Groups help restore Dolores River
By Jim Mimiaga Journal staff writer
Earlier this month, the Dolores River Boating Advocates continued their mission to restore the health of the river below McPhee Dam.
Volunteers with the Dolores River Restoration Partnership prepare to battle invasive tamarisk and other non-native species on the lower Dolores River.
“It was a great volunteer day. We planted native grasses and trees near the San Miguel confluence at Cement Bridge,” said DRBA program coordinator Lee-Ann Hill.
The area had recently been cleared of non-native tamarisk and Russian knapweed.
DRBA coordinated with BLM ecologists and the Tamarisk Coalition as part of the Dolores River Restoration Partnership (DRRP), which works with volunteers, students and professionals on river health projects.
“At this location instead of just broadcast seeding, we planted 110 container plants in two different areas,” said Daniel Oppenheimer, restoration coordinator for the Tamarisk Coalition. “We revegetated with cottonwoods, box elders, three-leaf sumac and four-winged saltbrush.”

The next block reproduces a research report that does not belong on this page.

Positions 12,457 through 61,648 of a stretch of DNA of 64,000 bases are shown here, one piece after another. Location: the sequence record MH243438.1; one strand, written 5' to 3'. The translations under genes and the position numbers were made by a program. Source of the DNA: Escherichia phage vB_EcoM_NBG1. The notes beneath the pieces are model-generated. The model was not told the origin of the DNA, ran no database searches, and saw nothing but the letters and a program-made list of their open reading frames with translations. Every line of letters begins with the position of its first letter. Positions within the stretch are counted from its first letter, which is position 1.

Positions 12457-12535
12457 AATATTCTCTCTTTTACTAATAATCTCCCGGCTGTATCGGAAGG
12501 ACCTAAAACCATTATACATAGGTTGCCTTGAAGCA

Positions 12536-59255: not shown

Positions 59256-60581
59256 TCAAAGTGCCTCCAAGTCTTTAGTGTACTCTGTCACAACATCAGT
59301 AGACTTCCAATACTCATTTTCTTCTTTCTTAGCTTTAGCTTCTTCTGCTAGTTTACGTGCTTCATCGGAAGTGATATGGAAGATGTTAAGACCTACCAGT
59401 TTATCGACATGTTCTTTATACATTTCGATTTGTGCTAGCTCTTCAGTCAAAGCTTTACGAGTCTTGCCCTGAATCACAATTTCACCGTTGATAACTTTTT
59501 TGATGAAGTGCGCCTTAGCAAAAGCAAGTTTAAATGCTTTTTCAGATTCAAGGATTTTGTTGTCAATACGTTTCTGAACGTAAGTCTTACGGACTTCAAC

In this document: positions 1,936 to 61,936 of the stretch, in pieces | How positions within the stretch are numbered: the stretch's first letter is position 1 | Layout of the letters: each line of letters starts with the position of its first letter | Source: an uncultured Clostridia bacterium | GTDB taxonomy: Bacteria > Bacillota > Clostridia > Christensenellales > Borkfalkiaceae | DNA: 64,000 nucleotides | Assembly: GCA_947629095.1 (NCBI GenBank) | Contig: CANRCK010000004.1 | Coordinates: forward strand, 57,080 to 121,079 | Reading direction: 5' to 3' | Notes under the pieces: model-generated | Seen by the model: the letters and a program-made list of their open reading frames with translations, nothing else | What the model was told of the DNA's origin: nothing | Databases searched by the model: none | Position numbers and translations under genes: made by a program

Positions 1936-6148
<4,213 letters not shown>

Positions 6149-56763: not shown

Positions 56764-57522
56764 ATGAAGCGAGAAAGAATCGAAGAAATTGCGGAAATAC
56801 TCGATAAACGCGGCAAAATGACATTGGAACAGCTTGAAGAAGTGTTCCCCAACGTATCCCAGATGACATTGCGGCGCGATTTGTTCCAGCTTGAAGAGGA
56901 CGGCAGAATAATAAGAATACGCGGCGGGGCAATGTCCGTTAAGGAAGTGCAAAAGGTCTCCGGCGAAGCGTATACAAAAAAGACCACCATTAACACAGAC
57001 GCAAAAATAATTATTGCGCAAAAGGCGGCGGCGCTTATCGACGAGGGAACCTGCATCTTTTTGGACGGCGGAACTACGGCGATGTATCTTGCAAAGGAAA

Native grass seeds were also spread, including alkali sacato and sand-drop seed.
The trees and shrubs are planted in distinct clusters and their locations are marked by GPS for future monitoring and maintenance.
“The idea is to have them get established and then propagate to help fill in the area and out compete non-native plants,” Oppenheimer said.
Other benefits of riparian restoration are enhanced bank stability, and food and shelter sources for wildlife.
In September, third-grade students from Dove Creek did river restoration work near Slickrock. In October, students from the Paradox Valley Charter school planted 75 plants at Bedrock.
“Then on what must have been the hottest day of the summer, we worked with 30 Wildlands Restoration Volunteers to cut down tamarisk and broadcast more than 2000 native grasses and seeds along the Dolores,” Oppenheimer said.
To learn more about restoration efforts and how to volunteer, go to www.doloresriverboating.org, and/or www.tamariskcoalition.org and/or the Dolores River Restoration Partnership at http://ocs.fortlewis.edu/drrp/
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